Rare Book Monthly

Articles - June - 2010 Issue

L.A. Book Collector Wins Right to be a Collector, Not a Dealer

Hoppcase

Richard Hopp wins his appeal against the City of Los Angeles.


By Michael Stillman

You can fight city hall. Richard Hopp recently won a long and very strange legal dispute with the City of Los Angeles to be classified as a book collector, not a book dealer. He will not need to obtain a police permit, nor keep the detailed records required of booksellers in Los Angeles. What makes this case so odd is that Los Angeles ever attempted to make this case, and that the city came so close to winning it.

One has to assume that Los Angeles believed Mr. Hopp, a bail bondsman by trade, must be doing more than just collecting books. However, they had no evidence to back up any such beliefs. Odder still, they went to court against him without attempting to secure evidence he was selling books, or even making such a claim. It was as if a police officer, seeing you driving a shiny new sports car, assumed you must be speeding at times, and thereby ticketed you for going 30 miles per hour in a 30 mph zone. In court, they in effect argued that the law made it illegal to go within the speed limit as well as over it. Amazingly, the city won the first round in court. On appeal, Mr. Hopp, and common sense, prevailed.

Richard Hopp's troubles arose as a result of his unusual method of obtaining books. Most collectors purchase their books invisibly, visiting dealers, shows, garage sales and the like, or buying online. Mr. Hopp's style was far more open. He would advertise for books online and in print publications, and he would attend shows and set up a "buying booth." Most likely, the L.A. police looked at this activity and assumed no one could be buying in such a conspicuous manner without selling at least some of what he bought. They told him he needed a dealer's permit.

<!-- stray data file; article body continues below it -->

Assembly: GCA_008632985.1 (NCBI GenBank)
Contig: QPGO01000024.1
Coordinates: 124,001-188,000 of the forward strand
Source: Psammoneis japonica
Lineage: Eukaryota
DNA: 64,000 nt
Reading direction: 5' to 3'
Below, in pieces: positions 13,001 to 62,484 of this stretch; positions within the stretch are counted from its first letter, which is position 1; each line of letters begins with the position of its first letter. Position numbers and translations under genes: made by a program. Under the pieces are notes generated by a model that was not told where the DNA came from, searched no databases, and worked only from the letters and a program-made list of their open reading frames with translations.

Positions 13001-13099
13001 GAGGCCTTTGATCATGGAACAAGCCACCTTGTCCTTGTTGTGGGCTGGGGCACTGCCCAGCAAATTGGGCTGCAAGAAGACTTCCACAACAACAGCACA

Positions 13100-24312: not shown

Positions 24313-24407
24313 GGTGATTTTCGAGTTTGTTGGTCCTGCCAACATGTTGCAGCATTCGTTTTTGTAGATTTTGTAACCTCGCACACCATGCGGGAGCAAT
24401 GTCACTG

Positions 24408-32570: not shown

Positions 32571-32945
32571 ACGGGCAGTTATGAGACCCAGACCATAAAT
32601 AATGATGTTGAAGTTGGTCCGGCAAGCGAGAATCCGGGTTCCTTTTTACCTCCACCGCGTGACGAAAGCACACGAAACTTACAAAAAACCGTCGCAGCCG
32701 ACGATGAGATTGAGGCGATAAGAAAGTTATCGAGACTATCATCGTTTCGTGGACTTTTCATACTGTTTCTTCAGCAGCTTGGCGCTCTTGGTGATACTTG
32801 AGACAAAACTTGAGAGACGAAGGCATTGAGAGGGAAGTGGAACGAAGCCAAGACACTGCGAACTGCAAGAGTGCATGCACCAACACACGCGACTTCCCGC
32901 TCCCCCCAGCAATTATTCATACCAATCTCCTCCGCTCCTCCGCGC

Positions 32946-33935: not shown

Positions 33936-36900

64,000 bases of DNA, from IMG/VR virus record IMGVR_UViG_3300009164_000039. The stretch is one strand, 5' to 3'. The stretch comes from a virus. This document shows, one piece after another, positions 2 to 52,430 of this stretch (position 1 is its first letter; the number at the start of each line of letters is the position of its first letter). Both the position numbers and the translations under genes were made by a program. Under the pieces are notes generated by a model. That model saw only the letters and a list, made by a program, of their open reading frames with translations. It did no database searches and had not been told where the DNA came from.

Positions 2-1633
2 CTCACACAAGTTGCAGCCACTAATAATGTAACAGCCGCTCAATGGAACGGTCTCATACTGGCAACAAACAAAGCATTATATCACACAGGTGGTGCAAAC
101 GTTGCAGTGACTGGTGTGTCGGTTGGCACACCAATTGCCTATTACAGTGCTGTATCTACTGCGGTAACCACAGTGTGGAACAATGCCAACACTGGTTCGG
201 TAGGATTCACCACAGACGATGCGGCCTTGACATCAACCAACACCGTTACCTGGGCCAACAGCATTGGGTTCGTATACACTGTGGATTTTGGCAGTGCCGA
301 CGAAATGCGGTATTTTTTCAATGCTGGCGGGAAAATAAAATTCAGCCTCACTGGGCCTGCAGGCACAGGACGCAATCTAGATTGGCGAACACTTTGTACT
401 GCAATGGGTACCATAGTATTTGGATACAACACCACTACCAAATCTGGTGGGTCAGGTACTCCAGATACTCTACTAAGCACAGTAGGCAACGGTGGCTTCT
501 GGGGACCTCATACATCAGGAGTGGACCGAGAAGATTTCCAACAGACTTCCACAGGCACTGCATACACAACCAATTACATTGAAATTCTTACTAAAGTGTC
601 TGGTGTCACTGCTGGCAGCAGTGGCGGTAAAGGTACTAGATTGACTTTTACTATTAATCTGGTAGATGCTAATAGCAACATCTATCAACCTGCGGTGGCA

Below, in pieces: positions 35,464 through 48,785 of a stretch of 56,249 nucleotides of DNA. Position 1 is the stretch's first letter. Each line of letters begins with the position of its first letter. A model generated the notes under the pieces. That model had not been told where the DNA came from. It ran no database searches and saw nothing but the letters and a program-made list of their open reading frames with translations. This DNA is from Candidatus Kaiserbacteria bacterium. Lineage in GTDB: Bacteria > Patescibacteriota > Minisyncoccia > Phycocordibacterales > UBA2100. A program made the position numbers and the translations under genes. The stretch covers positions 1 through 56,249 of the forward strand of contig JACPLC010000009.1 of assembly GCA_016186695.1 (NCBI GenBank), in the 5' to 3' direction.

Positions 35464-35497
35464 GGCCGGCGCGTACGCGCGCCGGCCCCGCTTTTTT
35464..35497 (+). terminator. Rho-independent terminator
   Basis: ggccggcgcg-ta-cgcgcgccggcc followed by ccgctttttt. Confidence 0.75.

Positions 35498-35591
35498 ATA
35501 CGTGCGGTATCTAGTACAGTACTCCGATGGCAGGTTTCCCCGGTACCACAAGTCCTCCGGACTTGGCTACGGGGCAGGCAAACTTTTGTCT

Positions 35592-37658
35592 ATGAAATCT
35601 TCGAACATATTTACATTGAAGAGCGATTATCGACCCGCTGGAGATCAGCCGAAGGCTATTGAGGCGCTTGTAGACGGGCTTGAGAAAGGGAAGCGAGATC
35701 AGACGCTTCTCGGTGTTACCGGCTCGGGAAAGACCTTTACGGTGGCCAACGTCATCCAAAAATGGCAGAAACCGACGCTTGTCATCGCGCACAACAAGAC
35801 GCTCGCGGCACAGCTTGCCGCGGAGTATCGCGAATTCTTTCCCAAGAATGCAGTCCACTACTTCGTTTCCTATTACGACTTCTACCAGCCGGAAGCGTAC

Mr. Hopp responded by taking the city to court. Rather than wait to get fined for not having a permit, he sought a "declaratory judgment," a court judgment which stated he did not need a permit. When the two sides appeared in court, the city still had no evidence that Mr. Hopp had ever sold a book. He explained that he purchased books and ephemera for his own collection, and items included in groups he bought that he did not want he gave to charity or discarded. Los Angeles then countered with its odd, legalistic argument - that it did not matter whether Mr. Hopp ever sold a book, he was still a dealer in the eyes of the law.

Many a legal case turns on something as small as a preposition, and in round one, the City of Los Angeles turned an "or" into a surprising legal victory. The Los Angeles ordinance that regulates "secondhand book dealers" defines such dealers as persons "engaging in, conducting, managing or carrying on the business of buying, selling, exchanging or otherwise dealing in secondhand books..." The magic word here is "or." Taken literally, the statute does not require that a dealer be buying and selling, buying or selling is sufficient argued the City. Mr. Hopp undeniably was buying. To make some sense out of why it was attempting to apply this wording so literally in Mr. Hopp's case, the City argued that purchasing books at events like flea markets provided an opportunity for petty thieves to fence stolen library and other books. Forcing public buyers such as Mr. Hopp to carefully account for their purchases would make it more difficult for thieves to fence their stolen merchandise.

The Court accepted the legalistic definition and ruled for Los Angeles, but Mr. Hopp was not ready to give in. He appealed. The Appeals Court took a broader look at the statute. Rather than focusing on the word "or" in the phrase "business of buying, selling, exchanging or otherwise dealing," it focused on the word "business."

The Appeals Court looked to other L.A. statutes which define a "business" as an occupation "which provides services, products or entertainment." It concluded that providing such things implies providing them to others. Mr. Hopp was providing nothing to anyone. Buying books and entertaining oneself by reading them hardly constitutes a "business," the Court concluded. It then went on to note that in other legal decisions courts have considered a "business" to be a commercial venture, one intended to produce a profit. There was no evidence or argument that Mr. Hopp was attempting to earn a profit through his activities. All that was shown was that he bought books and collected or donated/recycled them. That, the Court ruled, does not constitute a "business."